What's new in CatWalk XT

As science progresses, scientists are pushing the limits of gait analysis by trying to find useful gait-related endpoints in extremely young, extremely fat, or extremely gait-impaired rodents in their studies. At Noldus, we strive to continuously improve our systems to facilitate these researchers. 

Colorized footprints

New in CatWalk XT 10.6 is the option of a colorized view in footprint classification. This way you can easily see which print belongs to which paw. 

Other recent new features (CatWalk XT 10.5)

Adjustable light intensities

The CatWalk XT Control Unit provides power to the red LED lights in the CatWalk XT ceiling, green LED lights along the walkway (which are reflected by the plantar surface of the rodent’s paw), and the camera. In CatWalk XT 10.5, you can connect this unit to your computer with a standard USB cable and control both the red and green LED light intensity from within the software. 

Now that you are able to choose the optimal lighting conditions, depending on the intrinsic properties of the animal (weight, size, impairment) and environmental light conditions, you can reach optimal detection of each paw placement. This greatly improved the sensitivity and flexibility of the system.

Zooming into the recorded run video

In CatWalk XT 10.5, we have introduced a much requested feature. It is now possible to zoom, up to four times, into the recorded run video in order to review or (re)classify the green walkway contacts (footprints) made by the animal. 

Combined paw print image

In the CatWalk XT software, the run video can be displayed frame by frame. However, then you can only see part of the complete paw print of the entire stance. Now we have incorporated a dynamic representation of the combined image of each footfall alongside the run video in four windows - one for each paw. Seeing this image is of great value while reviewing a run.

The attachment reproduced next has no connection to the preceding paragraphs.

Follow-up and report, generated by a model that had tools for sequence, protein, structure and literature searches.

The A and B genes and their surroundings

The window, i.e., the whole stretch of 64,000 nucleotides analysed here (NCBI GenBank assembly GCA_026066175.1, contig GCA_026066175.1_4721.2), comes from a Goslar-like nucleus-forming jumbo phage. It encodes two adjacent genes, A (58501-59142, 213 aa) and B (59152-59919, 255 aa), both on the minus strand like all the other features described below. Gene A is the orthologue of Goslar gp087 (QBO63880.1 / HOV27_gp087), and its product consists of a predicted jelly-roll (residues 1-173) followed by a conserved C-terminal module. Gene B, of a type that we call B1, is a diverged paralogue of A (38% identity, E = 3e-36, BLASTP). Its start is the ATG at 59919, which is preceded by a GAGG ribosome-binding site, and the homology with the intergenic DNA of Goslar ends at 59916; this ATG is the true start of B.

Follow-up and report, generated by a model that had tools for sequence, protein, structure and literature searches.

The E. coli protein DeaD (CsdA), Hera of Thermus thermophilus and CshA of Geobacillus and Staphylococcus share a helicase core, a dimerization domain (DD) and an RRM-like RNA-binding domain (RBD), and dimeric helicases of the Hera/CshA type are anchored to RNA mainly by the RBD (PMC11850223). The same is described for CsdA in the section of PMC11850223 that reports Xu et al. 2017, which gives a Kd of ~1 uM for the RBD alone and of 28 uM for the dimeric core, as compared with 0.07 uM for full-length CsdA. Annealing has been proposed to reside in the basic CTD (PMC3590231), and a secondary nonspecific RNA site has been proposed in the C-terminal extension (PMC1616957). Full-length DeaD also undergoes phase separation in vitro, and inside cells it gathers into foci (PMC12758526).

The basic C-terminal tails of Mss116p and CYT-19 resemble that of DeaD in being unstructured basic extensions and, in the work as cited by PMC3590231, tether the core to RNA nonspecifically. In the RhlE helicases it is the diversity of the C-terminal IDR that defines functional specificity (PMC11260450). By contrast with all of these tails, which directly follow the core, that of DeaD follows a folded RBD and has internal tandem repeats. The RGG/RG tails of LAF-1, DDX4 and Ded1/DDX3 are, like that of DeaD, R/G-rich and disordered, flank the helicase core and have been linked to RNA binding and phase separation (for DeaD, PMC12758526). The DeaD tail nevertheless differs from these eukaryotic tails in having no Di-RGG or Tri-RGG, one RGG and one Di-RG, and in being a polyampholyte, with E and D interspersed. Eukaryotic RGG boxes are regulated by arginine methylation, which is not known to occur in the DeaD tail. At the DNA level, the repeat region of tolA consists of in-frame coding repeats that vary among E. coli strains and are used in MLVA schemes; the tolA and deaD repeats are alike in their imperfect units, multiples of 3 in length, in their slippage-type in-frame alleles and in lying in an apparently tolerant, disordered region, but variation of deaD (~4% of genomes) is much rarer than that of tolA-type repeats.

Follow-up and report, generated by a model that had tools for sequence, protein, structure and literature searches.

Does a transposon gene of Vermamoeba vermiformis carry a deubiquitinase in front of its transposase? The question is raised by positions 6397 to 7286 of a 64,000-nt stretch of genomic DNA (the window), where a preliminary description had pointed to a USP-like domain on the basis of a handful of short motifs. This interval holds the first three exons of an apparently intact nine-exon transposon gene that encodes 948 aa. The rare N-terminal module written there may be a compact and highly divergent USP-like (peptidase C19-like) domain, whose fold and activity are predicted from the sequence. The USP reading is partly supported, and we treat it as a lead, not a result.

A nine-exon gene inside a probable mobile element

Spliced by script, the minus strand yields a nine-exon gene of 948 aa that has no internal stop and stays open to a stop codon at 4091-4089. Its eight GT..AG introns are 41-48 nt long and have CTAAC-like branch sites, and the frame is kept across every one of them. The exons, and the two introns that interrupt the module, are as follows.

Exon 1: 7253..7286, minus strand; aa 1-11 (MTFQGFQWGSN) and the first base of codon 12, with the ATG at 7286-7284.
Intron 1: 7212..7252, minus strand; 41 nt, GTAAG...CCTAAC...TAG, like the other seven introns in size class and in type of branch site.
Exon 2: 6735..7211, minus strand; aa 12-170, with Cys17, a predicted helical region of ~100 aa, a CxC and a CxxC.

CatWalk XT zoom into recorded run
You can zoom into the recorded run video for easy review.
CatWalk XT paw prints
The combine paw print image shows you the complete print of each stance. 

Automatic detection of classification errors

Footprint classification might be difficult in some animals, such as very heavy or severely impaired animals, even by hand. In 10.5, the software now automatically detects classification conflicts. You can select them from a dropdown box, upon which the video automatically jumps to the corresponding time point. You can use the zoom function to look at the print in detail. Then you can (re)classify the print as you see fit.

View parameter charts

CatWalk XT 10 contains a new analysis possibility- View parameter charts. This possibility will provide you with graphs for every parameter you are interested in and have selected in your “parameter profile”. This way it will be very easy to see how gait is changing between your experimental groups, over time. The generated graphs can be exported to either programs such as PowerPoint or as a PDF report. 


Additional parameters for the IFM module 

The Sciatic Functional index is commonly used as a tool for the evaluation of the functional recovery of sciatic nerve injury. We have added two extra indices to this module, allowing you to calculate:  

  • The Tibial Functional Index (TFI), used in the study of tibial nerve injury recovery